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SOCCER

A win would put U.S. close to clinching World Cup berth

Americans face Trinidad and Tobago, with thoughts of going beyond qualifying, and trying to win the group for 2010 tournament in South Africa.

September 09, 2009|Grahame L. Jones

So, is the U.S. in soccer's World Cup next year in South Africa? Is it all over but the shouting?

"No, I don't think we're in yet," U.S. midfielder Benny Feilhaber said Saturday night, after playing a pivotal role in helping the U.S. defeat El Salvador, 2-1, in Sandy, Utah. "Obviously, it's a huge three points for us. I think we needed to get this win, and we did. Trinidad is the next game, and if we can get three points there we'll be a little bit closer."

The U.S.-Trinidad and Tobago game is today (3:30 p.m., ESPN Classic), and a U.S. victory in Port of Spain would all but clinch a place in South Africa 2010 for the Americans.

If El Salvador loses at home in San Salvador today against Costa Rica, the U.S. will have secured, at the very least, a playoff spot because it would be guaranteed finishing no lower than fourth in its six-nation qualifying group.

The top three nations go to South Africa, and the fourth-place team goes into a playoff for a spot in the World Cup against a South American side.

"We want to go as high as we can," U.S. captain Carlos Bocanegra said. "We don't want to stop at just qualifying. We want to try to win the group."

Trinidad and Tobago, which was trounced, 4-1, at Honduras on Saturday, is all but mathematically eliminated from the World Cup, but U.S. goalkeeper Tim Howard is unsure how that will affect the Soca Warriors' play tonight.

"You wonder how their crowd is going to react to them. Do they get on their back? Do they give them a lift? It's tough to say," Howard said.

"The best thing for us is to go down there with a focus and the right mind-set and then see how the game goes. If they lay down, well, OK then, great. If they don't, then we're still in for a battle, and that's what we should go down there expecting."

The U.S. defeated Trinidad and Tobago, 3-0, in Nashville on April 1 behind a Jozy Altidore hat trick and should not be overly troubled in Port of Spain. The return of starting American defender Oguchi Onyewu (from suspension) should help.

Right now, the lead in the qualifying group belongs to Honduras, which plays Mexico at Estadio Azteca in Mexico City tonight (5 p.m., Telemundo), but only one point separates the top four teams.

Mexico, its fortunes revived under Coach Javier Aguirre, is unlikely to lose at home, meaning that the U.S. can leapfrog Honduras and move into first place with a victory.

"There's no tomorrow," Aguirre said. "There are four teams fighting for three tickets."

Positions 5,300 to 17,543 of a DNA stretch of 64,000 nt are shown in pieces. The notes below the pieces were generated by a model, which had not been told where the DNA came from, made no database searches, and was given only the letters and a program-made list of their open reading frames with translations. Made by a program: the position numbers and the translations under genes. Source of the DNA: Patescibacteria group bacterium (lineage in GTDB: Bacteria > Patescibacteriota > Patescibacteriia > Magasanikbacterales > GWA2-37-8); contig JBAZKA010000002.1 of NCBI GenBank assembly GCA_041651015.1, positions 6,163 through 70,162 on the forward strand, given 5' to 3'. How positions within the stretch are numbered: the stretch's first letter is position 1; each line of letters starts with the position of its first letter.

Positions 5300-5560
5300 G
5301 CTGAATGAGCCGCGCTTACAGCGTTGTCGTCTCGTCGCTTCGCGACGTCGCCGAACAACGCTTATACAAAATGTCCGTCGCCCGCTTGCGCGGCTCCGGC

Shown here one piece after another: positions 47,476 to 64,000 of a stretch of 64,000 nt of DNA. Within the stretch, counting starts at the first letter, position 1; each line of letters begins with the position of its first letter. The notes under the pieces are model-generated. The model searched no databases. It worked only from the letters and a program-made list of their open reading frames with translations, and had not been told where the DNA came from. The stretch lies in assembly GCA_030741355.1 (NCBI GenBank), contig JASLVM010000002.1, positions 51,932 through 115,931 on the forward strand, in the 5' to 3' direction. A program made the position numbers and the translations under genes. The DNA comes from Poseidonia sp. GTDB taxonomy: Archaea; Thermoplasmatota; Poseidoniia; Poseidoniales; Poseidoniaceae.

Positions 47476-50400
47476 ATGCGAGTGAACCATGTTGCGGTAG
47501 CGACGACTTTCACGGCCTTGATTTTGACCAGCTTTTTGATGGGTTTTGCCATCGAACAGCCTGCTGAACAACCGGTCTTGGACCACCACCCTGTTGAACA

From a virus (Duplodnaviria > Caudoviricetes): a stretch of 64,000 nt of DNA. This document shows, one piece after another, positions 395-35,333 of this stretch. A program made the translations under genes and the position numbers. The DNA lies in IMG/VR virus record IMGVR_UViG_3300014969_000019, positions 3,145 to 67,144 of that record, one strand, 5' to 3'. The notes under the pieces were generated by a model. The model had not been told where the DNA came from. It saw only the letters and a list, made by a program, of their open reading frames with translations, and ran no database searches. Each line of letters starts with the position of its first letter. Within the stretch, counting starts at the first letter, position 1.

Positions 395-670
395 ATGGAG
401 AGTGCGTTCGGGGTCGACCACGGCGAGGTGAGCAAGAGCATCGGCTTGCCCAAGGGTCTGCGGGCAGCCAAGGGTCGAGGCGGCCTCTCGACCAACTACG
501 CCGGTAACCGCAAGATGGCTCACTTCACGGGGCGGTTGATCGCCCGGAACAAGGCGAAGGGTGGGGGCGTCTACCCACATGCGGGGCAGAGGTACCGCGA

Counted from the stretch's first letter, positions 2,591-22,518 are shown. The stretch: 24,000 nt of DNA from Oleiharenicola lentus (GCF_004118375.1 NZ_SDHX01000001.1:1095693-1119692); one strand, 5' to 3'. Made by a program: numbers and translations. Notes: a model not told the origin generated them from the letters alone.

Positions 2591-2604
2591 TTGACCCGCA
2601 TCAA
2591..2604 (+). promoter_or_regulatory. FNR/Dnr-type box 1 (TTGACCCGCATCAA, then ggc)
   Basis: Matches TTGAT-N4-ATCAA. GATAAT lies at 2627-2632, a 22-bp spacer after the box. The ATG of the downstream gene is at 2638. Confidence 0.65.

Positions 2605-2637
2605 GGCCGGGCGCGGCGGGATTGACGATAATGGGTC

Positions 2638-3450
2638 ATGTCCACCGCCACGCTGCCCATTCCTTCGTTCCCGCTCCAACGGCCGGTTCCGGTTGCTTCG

The three regional matches are among 35 qualifying games being played worldwide today, and the World Cup 2010 field could grow by as many as seven teams.

* England will qualify if it ties or defeats Croatia in London.

* Serbia will qualify if it defeats 2000 World Cup winner and 2006 runner-up France in Belgrade.

* Spain will qualify if it defeats Estonia in Merida, Spain, and Bosnia-Herzegovina, playing at home, fails to defeat Turkey in Zenica.

* Denmark will qualify if it defeats Albania on the road in Tirana, Hungary loses at home to Portugal in Budapest and Malta beats or ties Sweden at home in Ta'Qali.

* Slovakia will qualify if it defeats Northern Ireland in Belfast and Slovenia and Poland tie in Maribor, Slovenia.

* Chile will qualify if it defeats Brazil on the road in Salvador de Bahia, or if Colombia and Ecuador both fail to win their matches.

* Paraguay will qualify if it defeats Argentina in Asuncion, Paraguay, or if Colombia and Ecuador both fail to win their matches.

Eight nations have qualified for the 32-team quadrennial world championship, but there are a few big names in real trouble, notably former World Cup winners Argentina, France and Uruguay, as well as Portugal.

"This won't break me," Argentina Coach Diego Maradona said after Saturday's 3-1 home loss to Brazil. A loss in Paraguay today, however, might be the last straw.

France's only hope appears to be through the playoffs, but striker Thierry Henry said that was OK.

"Since I've been in the French team, we've often got in through the back door," Henry said. "Whatever happens, we have to get to South Africa."

Portugal Coach Carlos Queiroz is crossing his fingers.

"We have to raise our heads and keep believing," he said. "The game is not over, and while it lasts, we have to believe."

--

grahame.jones@latimes.com

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